Life as a truck driver can get expensive, especially since the small daily costs can really add up. From eating out to truck maintenance, learn where to save and how to cut back, putting more money in your pocket.
Investing both time and money in routine maintenance can save you a lot of money in the long run. Parts and preventable repairs can be extremely costly on big rigs. Regularly check your lines and hoses and maintain regular oil changes.
Low tires can drastically reduce fuel efficiency, so make sure your tires are properly inflated according to the manufacturer’s recommendations.
Ever think about how much money you spend on an average meal while on the road? Supplying your own food can actually be cheaper than eating every meal out. While the initial price tag may seem high, it might be cost-effective to install a small refrigerator in your cab to keep food cool. Consider using a small crock pot, steamer, or microwave to prepare food. Not only is this more economical than eating out, it’s likely more healthy as well.
Find the cheapest gas near you. Even truck stops within just a few miles of each other can have big discrepancies when it comes to the price of fuel – you may be able to save several cents per gallon by traveling just a few minutes down the road.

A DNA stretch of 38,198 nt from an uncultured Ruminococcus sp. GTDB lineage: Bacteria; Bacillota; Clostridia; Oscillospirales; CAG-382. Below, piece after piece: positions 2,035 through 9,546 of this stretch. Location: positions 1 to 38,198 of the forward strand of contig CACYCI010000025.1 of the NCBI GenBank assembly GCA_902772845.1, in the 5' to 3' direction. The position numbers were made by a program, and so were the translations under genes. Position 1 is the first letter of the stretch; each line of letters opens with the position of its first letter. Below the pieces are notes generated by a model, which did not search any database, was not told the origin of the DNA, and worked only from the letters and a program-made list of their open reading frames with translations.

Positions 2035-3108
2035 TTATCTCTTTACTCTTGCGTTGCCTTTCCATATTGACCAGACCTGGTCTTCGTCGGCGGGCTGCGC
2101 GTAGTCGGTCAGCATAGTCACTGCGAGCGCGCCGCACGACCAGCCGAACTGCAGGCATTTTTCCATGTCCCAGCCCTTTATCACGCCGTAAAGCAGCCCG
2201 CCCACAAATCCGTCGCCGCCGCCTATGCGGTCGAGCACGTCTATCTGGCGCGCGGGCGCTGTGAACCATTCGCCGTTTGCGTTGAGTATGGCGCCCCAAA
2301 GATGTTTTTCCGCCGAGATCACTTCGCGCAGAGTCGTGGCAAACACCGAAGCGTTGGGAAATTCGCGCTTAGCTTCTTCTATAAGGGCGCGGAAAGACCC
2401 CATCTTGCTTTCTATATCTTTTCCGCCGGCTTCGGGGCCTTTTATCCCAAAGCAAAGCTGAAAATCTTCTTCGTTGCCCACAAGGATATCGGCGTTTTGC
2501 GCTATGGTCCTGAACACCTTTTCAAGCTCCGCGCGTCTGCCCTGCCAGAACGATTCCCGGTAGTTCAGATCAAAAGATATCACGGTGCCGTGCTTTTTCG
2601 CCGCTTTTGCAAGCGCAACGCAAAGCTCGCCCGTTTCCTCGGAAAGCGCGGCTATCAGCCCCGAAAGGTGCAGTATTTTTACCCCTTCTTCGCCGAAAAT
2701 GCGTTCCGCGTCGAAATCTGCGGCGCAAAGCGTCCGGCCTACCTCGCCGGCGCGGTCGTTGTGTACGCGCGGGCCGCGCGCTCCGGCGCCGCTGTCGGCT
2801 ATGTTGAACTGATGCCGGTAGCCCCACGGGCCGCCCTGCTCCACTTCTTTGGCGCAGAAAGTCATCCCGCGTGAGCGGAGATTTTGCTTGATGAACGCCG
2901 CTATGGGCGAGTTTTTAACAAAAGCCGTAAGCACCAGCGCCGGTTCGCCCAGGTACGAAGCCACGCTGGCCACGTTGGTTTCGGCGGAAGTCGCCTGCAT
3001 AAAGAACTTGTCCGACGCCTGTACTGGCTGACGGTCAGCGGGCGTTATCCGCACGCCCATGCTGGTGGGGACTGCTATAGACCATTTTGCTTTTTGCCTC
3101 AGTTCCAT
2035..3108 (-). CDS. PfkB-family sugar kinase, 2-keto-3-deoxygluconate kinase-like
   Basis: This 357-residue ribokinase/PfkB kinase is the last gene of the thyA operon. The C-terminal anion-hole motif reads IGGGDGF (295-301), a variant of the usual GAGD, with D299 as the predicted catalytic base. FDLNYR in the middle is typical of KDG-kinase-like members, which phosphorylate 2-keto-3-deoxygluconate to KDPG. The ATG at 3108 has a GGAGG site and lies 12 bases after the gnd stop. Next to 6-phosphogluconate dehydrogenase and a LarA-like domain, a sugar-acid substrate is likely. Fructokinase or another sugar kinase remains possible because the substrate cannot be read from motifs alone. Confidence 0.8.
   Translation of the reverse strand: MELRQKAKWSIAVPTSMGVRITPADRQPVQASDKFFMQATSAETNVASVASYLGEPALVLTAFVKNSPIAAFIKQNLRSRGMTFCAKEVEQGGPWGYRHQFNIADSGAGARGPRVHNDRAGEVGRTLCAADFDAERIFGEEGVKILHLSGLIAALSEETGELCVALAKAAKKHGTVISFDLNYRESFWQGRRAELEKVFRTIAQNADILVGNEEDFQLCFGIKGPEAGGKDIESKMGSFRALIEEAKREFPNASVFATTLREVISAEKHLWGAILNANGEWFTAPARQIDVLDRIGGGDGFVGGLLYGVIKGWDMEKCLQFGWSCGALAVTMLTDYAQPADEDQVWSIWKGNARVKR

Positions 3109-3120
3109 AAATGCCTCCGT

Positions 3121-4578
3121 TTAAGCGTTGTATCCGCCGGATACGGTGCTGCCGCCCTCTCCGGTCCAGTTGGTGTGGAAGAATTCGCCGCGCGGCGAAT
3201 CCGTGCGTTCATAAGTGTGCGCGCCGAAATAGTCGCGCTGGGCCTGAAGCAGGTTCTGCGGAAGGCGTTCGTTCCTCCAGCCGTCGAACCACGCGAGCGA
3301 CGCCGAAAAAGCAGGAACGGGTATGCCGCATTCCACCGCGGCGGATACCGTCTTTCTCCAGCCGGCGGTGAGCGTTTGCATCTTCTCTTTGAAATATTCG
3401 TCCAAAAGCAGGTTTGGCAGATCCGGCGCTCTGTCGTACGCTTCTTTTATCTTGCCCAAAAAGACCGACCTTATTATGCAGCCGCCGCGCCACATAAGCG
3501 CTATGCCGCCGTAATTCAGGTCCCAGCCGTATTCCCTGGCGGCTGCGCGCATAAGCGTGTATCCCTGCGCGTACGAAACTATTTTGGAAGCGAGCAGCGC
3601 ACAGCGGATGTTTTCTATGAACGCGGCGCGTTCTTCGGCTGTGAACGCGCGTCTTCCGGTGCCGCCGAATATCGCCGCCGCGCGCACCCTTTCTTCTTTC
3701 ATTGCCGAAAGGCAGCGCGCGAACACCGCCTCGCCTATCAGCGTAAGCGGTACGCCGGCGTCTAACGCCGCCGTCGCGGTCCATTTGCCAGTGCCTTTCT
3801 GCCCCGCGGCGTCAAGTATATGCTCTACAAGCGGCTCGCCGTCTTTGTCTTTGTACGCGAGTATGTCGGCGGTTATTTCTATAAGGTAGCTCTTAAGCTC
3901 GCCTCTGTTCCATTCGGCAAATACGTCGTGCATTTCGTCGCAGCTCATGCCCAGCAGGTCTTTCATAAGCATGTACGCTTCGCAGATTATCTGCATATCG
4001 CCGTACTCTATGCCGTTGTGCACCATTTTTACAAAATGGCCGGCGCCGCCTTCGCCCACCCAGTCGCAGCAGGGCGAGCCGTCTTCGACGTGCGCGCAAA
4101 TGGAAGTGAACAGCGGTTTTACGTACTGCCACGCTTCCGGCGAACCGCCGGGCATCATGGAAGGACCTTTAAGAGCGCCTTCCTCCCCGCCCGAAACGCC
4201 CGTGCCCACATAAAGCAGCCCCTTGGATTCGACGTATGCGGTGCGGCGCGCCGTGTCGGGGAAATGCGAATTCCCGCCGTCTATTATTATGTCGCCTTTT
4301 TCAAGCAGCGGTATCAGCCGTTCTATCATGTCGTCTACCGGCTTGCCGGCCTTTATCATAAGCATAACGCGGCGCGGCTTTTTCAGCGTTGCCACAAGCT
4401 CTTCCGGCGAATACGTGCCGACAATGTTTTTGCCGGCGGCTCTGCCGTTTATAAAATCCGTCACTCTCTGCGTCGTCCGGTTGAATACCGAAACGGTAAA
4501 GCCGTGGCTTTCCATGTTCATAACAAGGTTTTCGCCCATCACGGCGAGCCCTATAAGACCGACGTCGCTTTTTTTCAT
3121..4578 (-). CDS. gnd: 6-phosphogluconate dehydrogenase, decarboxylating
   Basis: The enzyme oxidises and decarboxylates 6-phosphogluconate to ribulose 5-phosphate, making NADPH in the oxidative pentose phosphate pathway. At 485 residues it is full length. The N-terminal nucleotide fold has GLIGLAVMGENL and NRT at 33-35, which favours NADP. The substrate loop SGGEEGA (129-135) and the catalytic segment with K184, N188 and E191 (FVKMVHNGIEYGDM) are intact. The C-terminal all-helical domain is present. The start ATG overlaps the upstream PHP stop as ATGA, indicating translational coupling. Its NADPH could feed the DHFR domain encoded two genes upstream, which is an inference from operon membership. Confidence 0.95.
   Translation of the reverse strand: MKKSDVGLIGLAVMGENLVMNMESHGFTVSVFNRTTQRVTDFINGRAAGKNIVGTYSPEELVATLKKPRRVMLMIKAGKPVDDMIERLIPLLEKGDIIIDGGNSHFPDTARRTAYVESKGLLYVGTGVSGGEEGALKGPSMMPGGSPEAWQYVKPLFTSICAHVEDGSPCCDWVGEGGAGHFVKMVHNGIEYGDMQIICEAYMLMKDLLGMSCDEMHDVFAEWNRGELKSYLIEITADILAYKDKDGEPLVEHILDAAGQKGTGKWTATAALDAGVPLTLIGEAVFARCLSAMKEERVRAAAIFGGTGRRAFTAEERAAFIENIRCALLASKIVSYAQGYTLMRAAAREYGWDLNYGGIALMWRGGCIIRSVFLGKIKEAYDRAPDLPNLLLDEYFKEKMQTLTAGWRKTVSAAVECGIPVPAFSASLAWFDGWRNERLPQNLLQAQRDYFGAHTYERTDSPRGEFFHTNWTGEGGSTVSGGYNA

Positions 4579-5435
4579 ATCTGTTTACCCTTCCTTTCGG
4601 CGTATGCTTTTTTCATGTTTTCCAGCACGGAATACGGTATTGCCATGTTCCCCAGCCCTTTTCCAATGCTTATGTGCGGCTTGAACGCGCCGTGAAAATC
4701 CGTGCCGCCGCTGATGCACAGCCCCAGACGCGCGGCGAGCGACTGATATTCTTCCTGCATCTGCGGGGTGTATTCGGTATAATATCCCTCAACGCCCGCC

Take advantage of customer loyalty programs, which many truck stop chains offer as a way to reward loyal patrons. A customer loyalty or rewards program typically offers discounts on fuel, food, and services the more you shop with them.
Need to take showers at the truck stop? Many charge upwards of $8 for a single shower, so refuel at truck stops that include showers for free with a minimum fuel purchase.
Those with truck driver jobs know that cell phones are a necessity, especially for long-haul drivers, but the monthly charges can get expensive. Examine your cell phone bill to see where you can cut down, or shop around for other carriers to see if you can get the same service for less.
Not only is idling bad for the environment (many states are cracking down with anti-idling regulations), it can put a significant dent in your wallet. Running the engine while stopped wastes fuel, so consider other alternatives to heat and cool your cab, such as stopping at electrified truck stops or installing a generator or an auxiliary power unit.
If your truck driving company provides truck supplies such as windshield washer and other fluids, keep them in your truck so you don’t have to buy extra on the road and be reimbursed later. If you’re an owner operator, make those purchases wherever cheapest so you’re not forced to pay a higher price on the road.